Lawrence Toppman

Story of the ‘Magnificent Seven’ deserves its latest ride

“The Magnificent Seven”? No, that adjective still has to be reserved for the first two versions: Akiro Kurosawa’s “Seven Samurai” from 1954 and the English-language western John Sturges directed six years later, where the story moved to a Mexican village.

But this version, directed by Antoine Fuqua from a script by Nic Pizzolatto and Richard Wenk, remains fairly faithful to the original concept while adding some twists. Call it the mighty entertaining “Seven,” and you’ll be right.

Fuqua pairs with Denzel Washington for the third and most satisfying time in this drama, set in fictional Rose Creek in 1879. Washington plays Sam Chisolm, a warrant officer hunting fugitives in Kansas and surrounding territories. A widow (Haley Bennett) hires him to gather gunslingers to fight off a corrupt mine owner, who has given Rose Creek an ultimatum: If homesteaders don’t sell their land and leave in three weeks, he’ll burn their houses and shoot survivors.

Chisolm rounds up a motley crew: an alcoholic Irish gambler with lighting hands (Chris Pratt), a former Confederate sharpshooter (Ethan Hawke) and his knife-hurling companion (Korean actor Byung-hun Lee), a grizzled old mountain man who used to kill Crow Indians (Vincent D’Onofrio), a Mexican outlaw (Manuel Garcia-Rulfo) and a Comanche (Martin Sensmeier) who rather improbably explains that tribal elders told him to “follow a different path.”

You can see this as an allegory for modern America, divided as we are these days by fear and suspicion. The former hunter of native Americans has to make peace with one. The black lawman and the white ex-officer of the Confederacy acknowledge each other’s abilities. A guy who demeans “spics” learns to fight alongside one, and an Asian immigrant – perhaps the least-respected person in the American West at that time – commands respect.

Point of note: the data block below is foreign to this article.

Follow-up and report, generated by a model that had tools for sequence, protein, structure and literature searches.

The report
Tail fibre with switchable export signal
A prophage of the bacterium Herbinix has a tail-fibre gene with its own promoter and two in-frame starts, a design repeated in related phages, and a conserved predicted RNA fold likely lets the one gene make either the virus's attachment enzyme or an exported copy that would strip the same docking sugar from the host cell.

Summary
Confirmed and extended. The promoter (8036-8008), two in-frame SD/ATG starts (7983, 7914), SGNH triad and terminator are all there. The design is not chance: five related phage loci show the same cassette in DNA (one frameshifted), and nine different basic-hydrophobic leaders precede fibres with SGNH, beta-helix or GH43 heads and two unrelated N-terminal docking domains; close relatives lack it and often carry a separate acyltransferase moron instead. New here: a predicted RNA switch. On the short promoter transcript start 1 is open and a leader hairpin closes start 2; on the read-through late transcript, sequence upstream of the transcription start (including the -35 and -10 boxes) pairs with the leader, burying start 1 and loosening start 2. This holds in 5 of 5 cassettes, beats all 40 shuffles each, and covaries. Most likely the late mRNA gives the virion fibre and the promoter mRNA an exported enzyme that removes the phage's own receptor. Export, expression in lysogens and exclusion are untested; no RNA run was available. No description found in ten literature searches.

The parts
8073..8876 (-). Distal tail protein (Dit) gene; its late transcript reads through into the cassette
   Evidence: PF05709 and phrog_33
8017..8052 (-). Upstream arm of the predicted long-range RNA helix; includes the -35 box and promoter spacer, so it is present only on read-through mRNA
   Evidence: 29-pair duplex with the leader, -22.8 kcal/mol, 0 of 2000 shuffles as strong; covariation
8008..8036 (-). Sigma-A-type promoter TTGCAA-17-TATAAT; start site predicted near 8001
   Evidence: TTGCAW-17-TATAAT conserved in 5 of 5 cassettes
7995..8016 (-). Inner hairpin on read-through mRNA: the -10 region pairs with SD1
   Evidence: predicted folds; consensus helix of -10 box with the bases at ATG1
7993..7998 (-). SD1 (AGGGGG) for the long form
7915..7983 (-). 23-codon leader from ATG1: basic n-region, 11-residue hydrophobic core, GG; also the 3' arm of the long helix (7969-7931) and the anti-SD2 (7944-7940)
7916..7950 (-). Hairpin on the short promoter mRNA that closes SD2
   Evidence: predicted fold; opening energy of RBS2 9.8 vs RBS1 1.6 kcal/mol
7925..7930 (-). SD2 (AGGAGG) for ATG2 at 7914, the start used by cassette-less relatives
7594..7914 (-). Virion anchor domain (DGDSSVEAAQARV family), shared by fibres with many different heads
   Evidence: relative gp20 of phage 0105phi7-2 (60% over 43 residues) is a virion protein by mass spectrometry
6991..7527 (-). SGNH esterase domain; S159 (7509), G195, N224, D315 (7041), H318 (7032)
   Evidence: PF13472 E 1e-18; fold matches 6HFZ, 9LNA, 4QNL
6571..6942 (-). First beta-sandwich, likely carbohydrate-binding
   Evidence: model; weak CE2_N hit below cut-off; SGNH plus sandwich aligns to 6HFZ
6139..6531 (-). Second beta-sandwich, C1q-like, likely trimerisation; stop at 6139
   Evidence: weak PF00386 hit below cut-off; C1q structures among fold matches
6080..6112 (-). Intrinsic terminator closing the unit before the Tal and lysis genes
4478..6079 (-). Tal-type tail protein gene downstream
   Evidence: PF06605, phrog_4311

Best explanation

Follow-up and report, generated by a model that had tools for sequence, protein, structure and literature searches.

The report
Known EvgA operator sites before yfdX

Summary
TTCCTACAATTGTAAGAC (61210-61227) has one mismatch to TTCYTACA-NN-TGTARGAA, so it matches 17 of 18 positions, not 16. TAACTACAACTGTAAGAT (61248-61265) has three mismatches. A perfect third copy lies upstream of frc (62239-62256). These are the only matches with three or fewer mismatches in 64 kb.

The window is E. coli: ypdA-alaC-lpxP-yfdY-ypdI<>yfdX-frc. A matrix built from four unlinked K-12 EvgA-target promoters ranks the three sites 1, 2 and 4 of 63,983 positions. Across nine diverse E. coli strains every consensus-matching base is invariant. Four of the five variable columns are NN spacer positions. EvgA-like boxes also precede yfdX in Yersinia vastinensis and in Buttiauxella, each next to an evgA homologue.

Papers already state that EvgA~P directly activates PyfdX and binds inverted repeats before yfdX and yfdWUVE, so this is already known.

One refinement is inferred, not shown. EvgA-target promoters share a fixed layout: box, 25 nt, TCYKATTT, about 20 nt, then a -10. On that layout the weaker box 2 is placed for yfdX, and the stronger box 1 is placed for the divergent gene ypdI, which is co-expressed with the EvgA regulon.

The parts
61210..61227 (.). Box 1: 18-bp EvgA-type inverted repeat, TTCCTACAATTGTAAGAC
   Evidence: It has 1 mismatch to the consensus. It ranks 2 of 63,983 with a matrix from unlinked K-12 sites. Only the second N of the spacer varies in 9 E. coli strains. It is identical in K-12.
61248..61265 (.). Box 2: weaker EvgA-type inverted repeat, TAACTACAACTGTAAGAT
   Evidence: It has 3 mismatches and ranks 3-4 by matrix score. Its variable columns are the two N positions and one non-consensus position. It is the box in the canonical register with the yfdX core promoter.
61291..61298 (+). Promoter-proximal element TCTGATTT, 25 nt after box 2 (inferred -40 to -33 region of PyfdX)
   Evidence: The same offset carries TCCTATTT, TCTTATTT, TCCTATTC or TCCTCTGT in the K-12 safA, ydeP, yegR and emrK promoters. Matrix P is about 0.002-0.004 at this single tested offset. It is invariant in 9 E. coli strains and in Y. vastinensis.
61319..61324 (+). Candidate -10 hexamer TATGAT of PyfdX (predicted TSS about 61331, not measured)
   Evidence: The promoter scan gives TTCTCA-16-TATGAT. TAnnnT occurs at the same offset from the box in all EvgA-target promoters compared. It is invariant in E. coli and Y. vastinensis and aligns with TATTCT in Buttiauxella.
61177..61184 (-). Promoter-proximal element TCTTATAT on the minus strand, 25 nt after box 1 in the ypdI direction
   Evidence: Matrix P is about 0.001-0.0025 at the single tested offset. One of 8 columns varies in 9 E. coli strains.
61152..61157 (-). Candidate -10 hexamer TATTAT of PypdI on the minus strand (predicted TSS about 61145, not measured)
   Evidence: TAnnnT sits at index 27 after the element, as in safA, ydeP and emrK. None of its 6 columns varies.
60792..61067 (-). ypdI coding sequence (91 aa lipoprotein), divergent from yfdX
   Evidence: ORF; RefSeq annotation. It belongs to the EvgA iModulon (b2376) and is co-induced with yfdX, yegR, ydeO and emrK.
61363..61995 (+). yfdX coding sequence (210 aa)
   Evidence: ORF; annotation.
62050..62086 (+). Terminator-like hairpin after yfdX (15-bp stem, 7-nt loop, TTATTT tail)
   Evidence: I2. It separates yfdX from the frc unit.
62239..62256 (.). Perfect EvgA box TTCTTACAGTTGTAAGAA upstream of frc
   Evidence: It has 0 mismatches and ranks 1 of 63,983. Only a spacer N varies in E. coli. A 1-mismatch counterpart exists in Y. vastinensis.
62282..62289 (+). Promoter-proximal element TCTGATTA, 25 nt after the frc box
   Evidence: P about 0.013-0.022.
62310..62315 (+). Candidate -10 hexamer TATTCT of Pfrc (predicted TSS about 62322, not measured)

Fuqua and the writers can’t resist a few dull ideas. Eli Wallach’s bandit in the 1960 version had a sense of humor, but mine owner Bartholomew Bogue (Peter Sarsgaard) becomes Satan incarnate, slaying women publicly to make a point. One hero is virtually unkillable. And the filmmakers exploit the tired trope of a character leaving before the action begins, then returning at a crucial moment. (What I wouldn’t give for someone who rides away and stays away!)

On the other hand, they avoid convention a lot of the time. The widow doesn’t have to find a new man among the septet, nor are these men fundamentally good people. You wouldn’t have a beer with them; they might steal your money, insult you past the breaking point, get drunk and gun you down.

In our post-Tarantino world, Fuqua shows remarkable restraint. The long, efficiently filmed battle doesn’t douse us in blood; for once, PG-13 is the proper rating for a violent film. The stirring score, left unfinished by the late James Horner and completed by Simon Franglen, pays homage to classic western themes while giving them more edge. Stay until the final credits, though, to hear a reprise of Elmer Bernstein’s 1960 music – the greatest western score ever.

Toppman: 704-358-5232

The Magnificent Seven

Cast: Denzel Washington, Chris Pratt, Haley Bennett, Ethan Hawke.

Director: Antoine Fuqua.

Length: 132 minutes.

Rating: PG-13 (extended and intense sequences of Western violence, and for historical smoking, some language and suggestive material).